Ghosts Next Door

Ghosts Next Door
by Lopaka Kapanui

Nov 1, 2016

"After The Storm"

Mahope O Ka Manawa ‘Ino

Boy sat at his desk staring thoughtfully into the nothingness, while Rita set down a plate of ‘o’io salad, poi and pua’a kalua. His favorite brand of peach tea sat in a large beer glass that took up most of the space on his mouse pad, but what could he do? There was no space for it anywhere else. Rita sat opposite him and was neatly unfolding her napkin and meticulously placing a fork, knife and spoon to the side. She then opened her can of Diet soda and slowly poured the contents into her favorite tall glass from an Italian restaurant which was owned by a Vietnamese family. Now holding the fork in her right hand and the knife in her left, she let out a deep sigh before she indulged in her bowl of boneless chicken and brown rice.

“It’s rude to space out when someone is in the same room,” Rita said.

“I thought that I could mentor her and bring her along when she was older,” Boy mused, but painfully so.

“There’s nothing you could have done Hanson, if you were in her place you would have done the very same thing. The outcome is the outcome,,” Rita reassured him.

“No one could have foreseen the circumstances, I guess. We were thrust into this much, much sooner than we expected,” Boy agreed.

“Then why torture yourself over it?” Rita asked.

“Because I could have done something, I should have had the foresight...” Boy was at a loss for words at that point.

“You can’t save everyone; although you do a very good job of trying. We in this office may have the ability to control particular kinds of situations but we are not the seers of fate; that’s not up to us,”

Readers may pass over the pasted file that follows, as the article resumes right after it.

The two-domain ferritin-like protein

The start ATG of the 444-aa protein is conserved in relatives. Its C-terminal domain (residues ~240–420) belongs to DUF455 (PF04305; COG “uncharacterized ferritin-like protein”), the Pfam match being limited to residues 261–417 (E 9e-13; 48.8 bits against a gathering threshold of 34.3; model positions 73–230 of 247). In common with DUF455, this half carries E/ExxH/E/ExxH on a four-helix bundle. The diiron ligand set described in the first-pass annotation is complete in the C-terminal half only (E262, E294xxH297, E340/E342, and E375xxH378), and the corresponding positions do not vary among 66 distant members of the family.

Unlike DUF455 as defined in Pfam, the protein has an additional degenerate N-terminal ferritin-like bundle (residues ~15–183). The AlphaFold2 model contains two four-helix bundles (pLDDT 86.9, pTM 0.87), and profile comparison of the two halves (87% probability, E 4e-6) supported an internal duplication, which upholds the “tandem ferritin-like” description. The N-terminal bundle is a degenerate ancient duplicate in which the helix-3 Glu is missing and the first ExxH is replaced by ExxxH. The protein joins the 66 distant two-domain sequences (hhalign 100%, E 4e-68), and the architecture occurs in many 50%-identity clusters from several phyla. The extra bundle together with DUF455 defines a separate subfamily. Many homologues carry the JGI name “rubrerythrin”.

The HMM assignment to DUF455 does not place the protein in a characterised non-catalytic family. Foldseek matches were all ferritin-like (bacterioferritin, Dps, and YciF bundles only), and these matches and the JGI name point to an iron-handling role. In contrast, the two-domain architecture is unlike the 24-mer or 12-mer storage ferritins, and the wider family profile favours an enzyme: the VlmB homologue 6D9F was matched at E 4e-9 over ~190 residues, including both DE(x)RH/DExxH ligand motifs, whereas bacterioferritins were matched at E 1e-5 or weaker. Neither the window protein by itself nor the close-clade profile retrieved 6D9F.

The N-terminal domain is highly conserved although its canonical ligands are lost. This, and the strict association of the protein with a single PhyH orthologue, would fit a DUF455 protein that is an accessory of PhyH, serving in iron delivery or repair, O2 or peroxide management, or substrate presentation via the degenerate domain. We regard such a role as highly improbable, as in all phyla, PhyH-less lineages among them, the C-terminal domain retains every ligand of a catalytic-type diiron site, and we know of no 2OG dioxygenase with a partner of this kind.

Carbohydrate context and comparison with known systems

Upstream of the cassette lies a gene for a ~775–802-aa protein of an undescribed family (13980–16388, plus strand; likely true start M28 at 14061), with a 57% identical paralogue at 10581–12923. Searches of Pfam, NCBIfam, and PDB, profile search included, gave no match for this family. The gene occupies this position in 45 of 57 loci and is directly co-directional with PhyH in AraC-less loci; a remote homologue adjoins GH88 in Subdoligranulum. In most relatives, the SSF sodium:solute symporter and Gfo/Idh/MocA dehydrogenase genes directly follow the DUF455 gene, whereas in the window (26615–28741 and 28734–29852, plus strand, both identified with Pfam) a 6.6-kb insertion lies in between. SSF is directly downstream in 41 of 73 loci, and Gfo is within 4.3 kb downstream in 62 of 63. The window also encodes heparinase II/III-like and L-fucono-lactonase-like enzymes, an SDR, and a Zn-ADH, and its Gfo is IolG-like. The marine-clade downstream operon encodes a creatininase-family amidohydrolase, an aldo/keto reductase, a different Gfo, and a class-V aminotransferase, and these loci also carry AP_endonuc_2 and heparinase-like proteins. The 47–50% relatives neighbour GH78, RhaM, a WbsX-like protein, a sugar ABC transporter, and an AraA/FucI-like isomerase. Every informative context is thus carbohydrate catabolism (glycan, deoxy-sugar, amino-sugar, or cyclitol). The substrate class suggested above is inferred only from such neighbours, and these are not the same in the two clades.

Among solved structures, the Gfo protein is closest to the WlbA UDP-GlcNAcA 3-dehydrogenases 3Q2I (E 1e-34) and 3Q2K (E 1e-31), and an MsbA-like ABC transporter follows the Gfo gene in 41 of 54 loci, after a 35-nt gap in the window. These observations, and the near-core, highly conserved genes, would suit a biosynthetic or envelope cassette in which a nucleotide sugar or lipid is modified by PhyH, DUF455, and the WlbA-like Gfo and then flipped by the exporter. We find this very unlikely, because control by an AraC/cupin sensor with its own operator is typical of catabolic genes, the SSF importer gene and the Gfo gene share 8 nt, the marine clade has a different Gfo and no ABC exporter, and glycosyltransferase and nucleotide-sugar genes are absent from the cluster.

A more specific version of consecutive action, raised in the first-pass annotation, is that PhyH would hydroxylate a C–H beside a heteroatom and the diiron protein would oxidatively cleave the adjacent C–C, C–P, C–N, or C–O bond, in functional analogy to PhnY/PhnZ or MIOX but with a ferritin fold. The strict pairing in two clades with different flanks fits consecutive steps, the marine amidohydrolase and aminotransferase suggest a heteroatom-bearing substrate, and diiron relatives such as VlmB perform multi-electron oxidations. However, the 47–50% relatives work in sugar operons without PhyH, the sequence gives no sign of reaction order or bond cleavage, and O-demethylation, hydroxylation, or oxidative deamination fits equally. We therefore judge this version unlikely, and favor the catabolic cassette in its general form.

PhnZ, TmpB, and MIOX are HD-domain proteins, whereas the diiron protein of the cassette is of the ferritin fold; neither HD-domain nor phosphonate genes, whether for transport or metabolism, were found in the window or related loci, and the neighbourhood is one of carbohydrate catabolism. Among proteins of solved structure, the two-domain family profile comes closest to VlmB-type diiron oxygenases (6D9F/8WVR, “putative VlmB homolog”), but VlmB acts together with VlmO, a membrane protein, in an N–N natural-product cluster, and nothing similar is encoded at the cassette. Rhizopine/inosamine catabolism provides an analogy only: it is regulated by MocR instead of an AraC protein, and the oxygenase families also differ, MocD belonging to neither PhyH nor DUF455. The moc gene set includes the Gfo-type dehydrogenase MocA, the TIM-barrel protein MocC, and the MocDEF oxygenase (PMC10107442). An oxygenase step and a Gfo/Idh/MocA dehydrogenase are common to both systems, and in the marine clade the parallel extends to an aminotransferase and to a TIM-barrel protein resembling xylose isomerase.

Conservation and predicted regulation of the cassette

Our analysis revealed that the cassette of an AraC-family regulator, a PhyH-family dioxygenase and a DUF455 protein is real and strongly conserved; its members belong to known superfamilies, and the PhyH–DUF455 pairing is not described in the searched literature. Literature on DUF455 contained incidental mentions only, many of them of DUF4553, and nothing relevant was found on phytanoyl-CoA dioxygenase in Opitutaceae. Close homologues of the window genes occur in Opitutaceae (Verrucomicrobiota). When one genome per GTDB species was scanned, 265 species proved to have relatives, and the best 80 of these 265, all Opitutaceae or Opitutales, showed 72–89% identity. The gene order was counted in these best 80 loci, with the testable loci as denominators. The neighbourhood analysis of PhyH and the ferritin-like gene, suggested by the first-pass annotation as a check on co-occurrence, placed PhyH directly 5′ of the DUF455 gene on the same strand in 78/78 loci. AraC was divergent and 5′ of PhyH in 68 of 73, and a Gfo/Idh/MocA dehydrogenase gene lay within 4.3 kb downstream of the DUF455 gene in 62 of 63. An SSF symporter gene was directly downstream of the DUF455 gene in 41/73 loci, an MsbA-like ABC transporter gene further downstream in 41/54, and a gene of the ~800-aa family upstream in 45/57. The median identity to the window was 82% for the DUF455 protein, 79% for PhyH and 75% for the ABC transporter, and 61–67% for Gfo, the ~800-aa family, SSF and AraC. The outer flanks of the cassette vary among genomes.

Rita said. “We couldn’t control her fate either and that is something you are going to have to accept.”

Boy put his head down and thought deeply about Rita’s words of counsel while he rubbed his temples.

“Concern yourself with the people that you’re responsible for in this office,” Rita smiled. “We need you,”


Although her death was tragic, Boy felt that she deserved much more than dying anonymous and known only to barely a few people.  He paid for her plot and her headstone, he arranged for her flowers and her services. He hired a small group of musicians to play her favorite music live. Boy, Ivan, Tiny and Kealoha, the doorman at the office were the pallbearers who escorted her to her final resting place. It was 1:32 in the afternoon when her earthly remains were committed to the dirt from whence she and her ancestors came.

Rather than there being an invocation at the grave, there was a lone guitar player who offered a song for those in attendance. A brief history of her life was mentioned by Boy to the musician who unknowingly performed her favorite song at the moment when the casket was lowered in to the waiting grave.

“She’s been afraid to go out, she’s afraid of the knock on the door,
 there’s always a shade of a doubt, she can never be sure, who comes to call
 Maybe the friend of a friend of a friend, anyone at all, anything but nothing again
 It used to be her town, it used to be her town too...”


A short time later the plaque that graced her grave was etched with mokihana and laua’e in honor of her roots from Kaua’i. The plaque itself read,



“Everything okay boss?” Kealoha asked.

“Yes,” Boy answered. “Bring the car around please,”

“Yes, boss,” Kealoha replied.

“Oh and Kealoha?” Boy called after the doorman.

“Yes boss?” The bull of a man answered.

“Thank you for coming to help on such short notice, I appreciate it,” Boy nodded.

“Thank you for considering me, boss. It means a lot,” Kealoha bowed.

There was something about the Ko’olau mountains in the early afternoon that gave Boy a sense of reminiscent comfort. It reminded him of the drives back from the mango groves in Hau’ula, many many years ago when he was first being taught Lua by his parents. Life and it’s busy pace was what waited on the other side of those mountains. However, in the place where the winds were constant and the rains were welcoming; Boy Napualawa was at home.


  1. Death unknown???? I can't wait to hear more!

    1. You have to go back and read the 100 Ghost Stories so this makes sense to you

  2. Death unknown???? I can't wait to hear more!